Further, it was undisputed that the mother commenced a previous proceeding against the appellant when the subject child was eight months old; the appellant contested his paternity, and the court ordered a genetic marker test, which the appellant was willing to undergo and for which he was willing to pay. The appellant appeared but the mother failed to appear for the court-ordered test, and thereafter, she failed to pursue the proceeding, which was dismissed on October 26, 1999, when the subject child was nearly three years old. The mother commenced the instant proceeding 13 years later, in 2012.
The appellant defended against the instant proceeding on the ground that it was inequitable for the mother to seek paternity testing at this late date when she had failed to comply with the court-ordered genetic marker test in 1999, abandoned that proceeding, and thereafter lived with another man from the time the subject child was two years old. At the close of the hearing, the Family Court found that a genetic marker test was not in the best interests of the subject child because he was 16 years old, but further determined that the appellant was equitably estopped from denying his paternity because no other man had come forward as the biological father.
While we agree that a genetic marker test is not in the best interests of the subject child, the Family Court improvidently exercised its discretion in applying the doctrine of equitable estoppel against the appellant under all of the circumstances, including the undisputed fact that the appellant has had no contact or relationship with the subject child since the child was 18 months old (see Matter of Derrick H. v Martha J., 82 A.D.3d 1236, 1238-1239; cf. Matter of Shondel J. v Mark D., 7 N.Y.3d at 327-328; Matter of Angelo A. R. v Tenisha N.W., 108 A.D.3d 560). Moreover, in appropriate circumstances, the doctrine of equitable estoppel may be asserted defensively by a purported biological father to prevent a child's mother from asserting biological paternity where a genetic marker test would not be in the best interests of the child (see Matter of Juanita A. v Kenneth Mark N., 15 N.Y.3d 1, 6). Here, the Family Court improvidently rejected the appellant's equitable defense. An adverse inference may be taken against the mother for her failure to appear for the court-ordered genetic marker test in 1999, and her failure to pursue that proceeding (see Matter of Meredith P.B. v Maxwell F. I., 193 A.D.2d 600; see also Matter of Sullivan County Dept. of Social Servs. v Praytush O., 223 A.D.2d 972). Thereafter, the mother failed to commence a new proceeding for 13 years, during which time the subject child had no relationship with the appellant and lived with the mother, her current husband, and his half-siblings on the mother's side. Accordingly, a genetic marker test is not in the best interests of the subject child, on the ground that the mother is equitably estopped from asserting the appellant's biological paternity (see Family Ct Act § 532[a]; Matter of Juanita A. v Kenneth Mark N., 15 N.Y.3d at 5).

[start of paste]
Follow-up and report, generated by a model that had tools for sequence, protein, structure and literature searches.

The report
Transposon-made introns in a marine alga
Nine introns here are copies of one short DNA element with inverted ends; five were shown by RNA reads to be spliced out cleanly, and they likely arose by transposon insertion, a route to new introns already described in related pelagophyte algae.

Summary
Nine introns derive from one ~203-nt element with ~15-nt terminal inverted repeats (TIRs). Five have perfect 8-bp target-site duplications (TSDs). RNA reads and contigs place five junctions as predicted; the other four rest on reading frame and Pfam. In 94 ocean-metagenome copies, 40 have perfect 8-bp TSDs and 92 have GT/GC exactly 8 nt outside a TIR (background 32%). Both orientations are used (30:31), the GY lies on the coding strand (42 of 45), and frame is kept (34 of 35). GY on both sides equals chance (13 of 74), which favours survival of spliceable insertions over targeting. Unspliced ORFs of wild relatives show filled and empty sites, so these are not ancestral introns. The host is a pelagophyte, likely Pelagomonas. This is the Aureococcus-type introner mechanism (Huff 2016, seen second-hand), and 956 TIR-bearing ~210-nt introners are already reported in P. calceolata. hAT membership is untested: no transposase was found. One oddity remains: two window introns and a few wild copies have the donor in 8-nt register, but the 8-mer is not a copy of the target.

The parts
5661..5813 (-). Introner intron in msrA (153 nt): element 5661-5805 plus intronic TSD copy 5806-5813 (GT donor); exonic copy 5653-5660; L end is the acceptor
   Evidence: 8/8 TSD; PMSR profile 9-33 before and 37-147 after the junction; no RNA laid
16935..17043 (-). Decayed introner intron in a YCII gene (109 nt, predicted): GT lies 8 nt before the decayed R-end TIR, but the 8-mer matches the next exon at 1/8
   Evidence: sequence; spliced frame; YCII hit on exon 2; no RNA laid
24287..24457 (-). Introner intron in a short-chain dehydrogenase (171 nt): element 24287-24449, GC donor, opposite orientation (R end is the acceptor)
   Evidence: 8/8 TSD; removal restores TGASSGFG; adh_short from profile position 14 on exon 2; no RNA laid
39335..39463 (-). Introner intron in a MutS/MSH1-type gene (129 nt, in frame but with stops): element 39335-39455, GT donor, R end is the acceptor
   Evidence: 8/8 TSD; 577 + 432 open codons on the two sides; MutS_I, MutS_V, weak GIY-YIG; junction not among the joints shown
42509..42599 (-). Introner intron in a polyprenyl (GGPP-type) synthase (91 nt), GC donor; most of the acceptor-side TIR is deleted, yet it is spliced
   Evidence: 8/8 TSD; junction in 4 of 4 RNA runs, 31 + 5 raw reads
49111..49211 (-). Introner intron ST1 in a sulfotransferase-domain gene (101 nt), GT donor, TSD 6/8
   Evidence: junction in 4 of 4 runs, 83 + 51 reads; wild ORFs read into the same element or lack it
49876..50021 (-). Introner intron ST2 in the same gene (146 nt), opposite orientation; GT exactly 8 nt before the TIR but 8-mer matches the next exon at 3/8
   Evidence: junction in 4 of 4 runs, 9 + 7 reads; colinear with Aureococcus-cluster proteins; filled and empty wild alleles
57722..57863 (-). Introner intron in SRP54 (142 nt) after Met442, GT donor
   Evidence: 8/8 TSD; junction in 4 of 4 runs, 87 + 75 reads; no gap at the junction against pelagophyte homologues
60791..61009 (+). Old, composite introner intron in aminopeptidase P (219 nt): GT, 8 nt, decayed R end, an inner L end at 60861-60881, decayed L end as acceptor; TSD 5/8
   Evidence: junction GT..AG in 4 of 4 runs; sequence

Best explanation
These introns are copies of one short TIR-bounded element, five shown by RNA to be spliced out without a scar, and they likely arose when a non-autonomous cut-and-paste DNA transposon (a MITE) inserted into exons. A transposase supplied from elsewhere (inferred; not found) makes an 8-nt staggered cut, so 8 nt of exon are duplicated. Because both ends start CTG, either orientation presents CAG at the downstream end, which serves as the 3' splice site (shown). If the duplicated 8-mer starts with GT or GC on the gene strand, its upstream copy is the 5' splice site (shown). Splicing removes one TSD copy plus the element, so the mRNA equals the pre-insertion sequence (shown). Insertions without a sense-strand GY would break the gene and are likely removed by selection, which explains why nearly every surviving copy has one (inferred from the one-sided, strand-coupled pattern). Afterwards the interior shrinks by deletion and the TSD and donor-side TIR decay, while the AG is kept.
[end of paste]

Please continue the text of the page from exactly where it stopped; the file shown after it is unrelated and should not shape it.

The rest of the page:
DILLON, J.P., ANGIOLILLO, DICKERSON and COHEN, JJ., concur.